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'Covert Affairs' recap: Suspicious minds

Season 5 | Episode 8 | “Grounded” | Aired Aug 12, 2014

Secrets. Trust. Lies. Betrayal. Even a simple act like Calder’s morning jog can be full of suspicion when you work for the CIA. Operatives are trained to question everything around them. They develop eyes in the back of their head and alternative ways to hear what’s going on even when they are wearing earbuds. Calder crouches near a curb to tie his shoe, using a car’s outside mirror to spy on the vehicle currently tracking him. Then he makes a run for it.

For a hot second I thought it was Call Girl stalking him. I was going to write a strongly worded letter to the USA Network since I thought we put that storyline to bed last week. Fortunately for them, our stalker was Hayley. It seems Calder has been dodging a few calls from the National Counterterrorism Center. Hayley tells Calder to get over his holier-than-holy attitude and tempts him with juicy intel about Annie Walker.

This has nothing to do with the fact that Hayley caught Auggie sticking his tongue down Natasha’s throat last week, I’m guessing.

Annie and McQuaid are headed home from neutralizing their target in Azerbaijan. That’s a generic way of saying a drone blew up former CIA operative Nathan Mueller, who had been trading United States secrets, including the location of the Chicago office that blew up. Annie feels restless now that the mission is complete. McQuaid tells her that there’s nothing wrong with being wired for work in the field. He feels this is normal. I feel confused that the interior of McQuaid’s private jet felt very Pan Am circa 1972, complete with overstuffed brown leather seats and mustard-yellow walls with orange accents.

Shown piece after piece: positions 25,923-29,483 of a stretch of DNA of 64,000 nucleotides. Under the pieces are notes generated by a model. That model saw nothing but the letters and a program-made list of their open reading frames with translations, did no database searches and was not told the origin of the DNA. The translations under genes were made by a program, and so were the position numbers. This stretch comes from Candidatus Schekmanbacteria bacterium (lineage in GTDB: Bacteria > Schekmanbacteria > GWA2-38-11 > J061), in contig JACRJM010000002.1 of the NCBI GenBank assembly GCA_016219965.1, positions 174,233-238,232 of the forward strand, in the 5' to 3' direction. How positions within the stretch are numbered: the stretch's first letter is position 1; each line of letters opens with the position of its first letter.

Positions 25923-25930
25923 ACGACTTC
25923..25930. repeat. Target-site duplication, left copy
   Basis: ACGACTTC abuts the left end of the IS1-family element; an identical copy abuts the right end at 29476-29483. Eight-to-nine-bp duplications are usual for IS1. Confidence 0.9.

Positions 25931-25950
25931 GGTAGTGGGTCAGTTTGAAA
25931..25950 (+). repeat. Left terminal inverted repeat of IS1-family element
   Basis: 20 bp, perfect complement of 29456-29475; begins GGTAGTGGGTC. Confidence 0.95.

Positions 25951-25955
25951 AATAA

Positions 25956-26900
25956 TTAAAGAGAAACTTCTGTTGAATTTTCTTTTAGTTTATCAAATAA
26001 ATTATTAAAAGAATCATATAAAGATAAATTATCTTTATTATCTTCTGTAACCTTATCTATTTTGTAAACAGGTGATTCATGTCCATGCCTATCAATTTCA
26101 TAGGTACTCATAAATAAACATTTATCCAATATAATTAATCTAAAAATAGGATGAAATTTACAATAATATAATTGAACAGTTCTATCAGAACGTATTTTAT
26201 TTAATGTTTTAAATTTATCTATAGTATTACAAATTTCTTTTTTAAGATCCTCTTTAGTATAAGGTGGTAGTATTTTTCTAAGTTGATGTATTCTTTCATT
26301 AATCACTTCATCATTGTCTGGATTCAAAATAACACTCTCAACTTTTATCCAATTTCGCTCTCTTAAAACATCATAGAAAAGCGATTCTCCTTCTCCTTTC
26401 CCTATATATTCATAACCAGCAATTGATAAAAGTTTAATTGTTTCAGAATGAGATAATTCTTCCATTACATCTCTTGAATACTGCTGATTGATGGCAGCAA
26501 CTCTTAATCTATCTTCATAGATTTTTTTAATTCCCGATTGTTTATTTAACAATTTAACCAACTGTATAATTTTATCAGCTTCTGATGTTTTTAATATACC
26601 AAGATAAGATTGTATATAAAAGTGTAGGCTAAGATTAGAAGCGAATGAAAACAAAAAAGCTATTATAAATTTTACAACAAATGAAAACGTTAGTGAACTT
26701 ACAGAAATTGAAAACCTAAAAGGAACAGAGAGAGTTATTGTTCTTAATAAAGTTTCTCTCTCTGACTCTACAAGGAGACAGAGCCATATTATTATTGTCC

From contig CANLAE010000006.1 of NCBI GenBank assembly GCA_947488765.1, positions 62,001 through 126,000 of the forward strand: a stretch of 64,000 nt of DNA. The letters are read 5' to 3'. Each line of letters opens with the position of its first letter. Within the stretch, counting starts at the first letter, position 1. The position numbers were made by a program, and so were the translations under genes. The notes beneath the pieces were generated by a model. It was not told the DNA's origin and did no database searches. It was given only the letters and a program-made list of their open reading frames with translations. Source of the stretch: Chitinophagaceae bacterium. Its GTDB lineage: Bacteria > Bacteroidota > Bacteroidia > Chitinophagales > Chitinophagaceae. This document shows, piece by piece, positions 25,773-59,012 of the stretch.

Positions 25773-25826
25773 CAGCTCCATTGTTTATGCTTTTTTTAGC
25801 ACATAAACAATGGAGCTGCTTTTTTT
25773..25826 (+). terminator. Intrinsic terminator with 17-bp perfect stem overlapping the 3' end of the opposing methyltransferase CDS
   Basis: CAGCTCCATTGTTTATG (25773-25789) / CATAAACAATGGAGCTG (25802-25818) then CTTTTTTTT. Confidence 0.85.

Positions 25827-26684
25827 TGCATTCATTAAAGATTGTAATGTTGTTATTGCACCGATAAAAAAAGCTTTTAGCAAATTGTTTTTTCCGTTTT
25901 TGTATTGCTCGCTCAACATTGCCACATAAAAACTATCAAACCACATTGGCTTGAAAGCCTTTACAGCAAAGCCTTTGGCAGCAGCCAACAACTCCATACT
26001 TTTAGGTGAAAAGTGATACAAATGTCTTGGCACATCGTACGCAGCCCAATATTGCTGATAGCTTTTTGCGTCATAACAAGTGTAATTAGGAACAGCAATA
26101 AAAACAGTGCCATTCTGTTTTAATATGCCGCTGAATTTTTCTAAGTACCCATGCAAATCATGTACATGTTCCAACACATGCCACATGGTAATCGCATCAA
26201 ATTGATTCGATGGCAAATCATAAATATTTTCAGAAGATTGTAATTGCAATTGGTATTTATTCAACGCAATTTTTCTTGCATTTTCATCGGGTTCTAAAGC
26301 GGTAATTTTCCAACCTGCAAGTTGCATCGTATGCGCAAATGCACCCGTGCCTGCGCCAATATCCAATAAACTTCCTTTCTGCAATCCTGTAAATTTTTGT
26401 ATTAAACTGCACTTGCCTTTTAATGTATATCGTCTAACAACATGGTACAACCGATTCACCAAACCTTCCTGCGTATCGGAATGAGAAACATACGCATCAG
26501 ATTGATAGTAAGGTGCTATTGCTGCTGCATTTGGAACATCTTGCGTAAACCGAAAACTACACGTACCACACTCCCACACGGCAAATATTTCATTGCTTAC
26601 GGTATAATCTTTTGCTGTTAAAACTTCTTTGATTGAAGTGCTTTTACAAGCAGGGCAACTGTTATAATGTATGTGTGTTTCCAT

Screen shot 2014-08-12 at 8.39.01 PMThe retro plane lands, and Caitlyn is there to welcome the mighty warrior home. Caitlyn bugs. She also senses a bit of attraction between her boss and the young blonde walking away from him, and I can’t tell if it’s jealousy that another woman is in McQuaid’s life, or if it’s annoyance that her focused boss is going to be distracted by Annie’s assets.

Annie discovers that she’s missed eight calls from Auggie while she was in flight. She meets him outside Roger’s building (remember the paranoid brainiac?), and Auggie tells her that the first four calls were about Hayley officially discovering Annie’s heart condition. The other four were about Roger.

Roger is eerily calm when he tells Annie and Auggie that the CIA was wrong. Mueller was responsible for a ton of horrible things, but he wasn’t a part of the Chicago bombing. Bad Guy Ivan, who gave the CIA Mueller’s name, basically used him as a fellow bad-guy scapegoat. Roger commended Annie for following a solid lead, but he pointed out that she didn’t notice the missing link. He promises he will figure it out.

Back at Langley, Annie is called into Calder’s office. Joan is there, putting off a pretty significant principal/student vibe. They know about Annie’s heart condition and have reassigned Annie as a language officer in the DPD. Annie defends her choices by saying her condition is manageable. Calder must not be capable of reading the room because he follows up with, “There comes a time in everyone’s career when they get assigned a desk job.”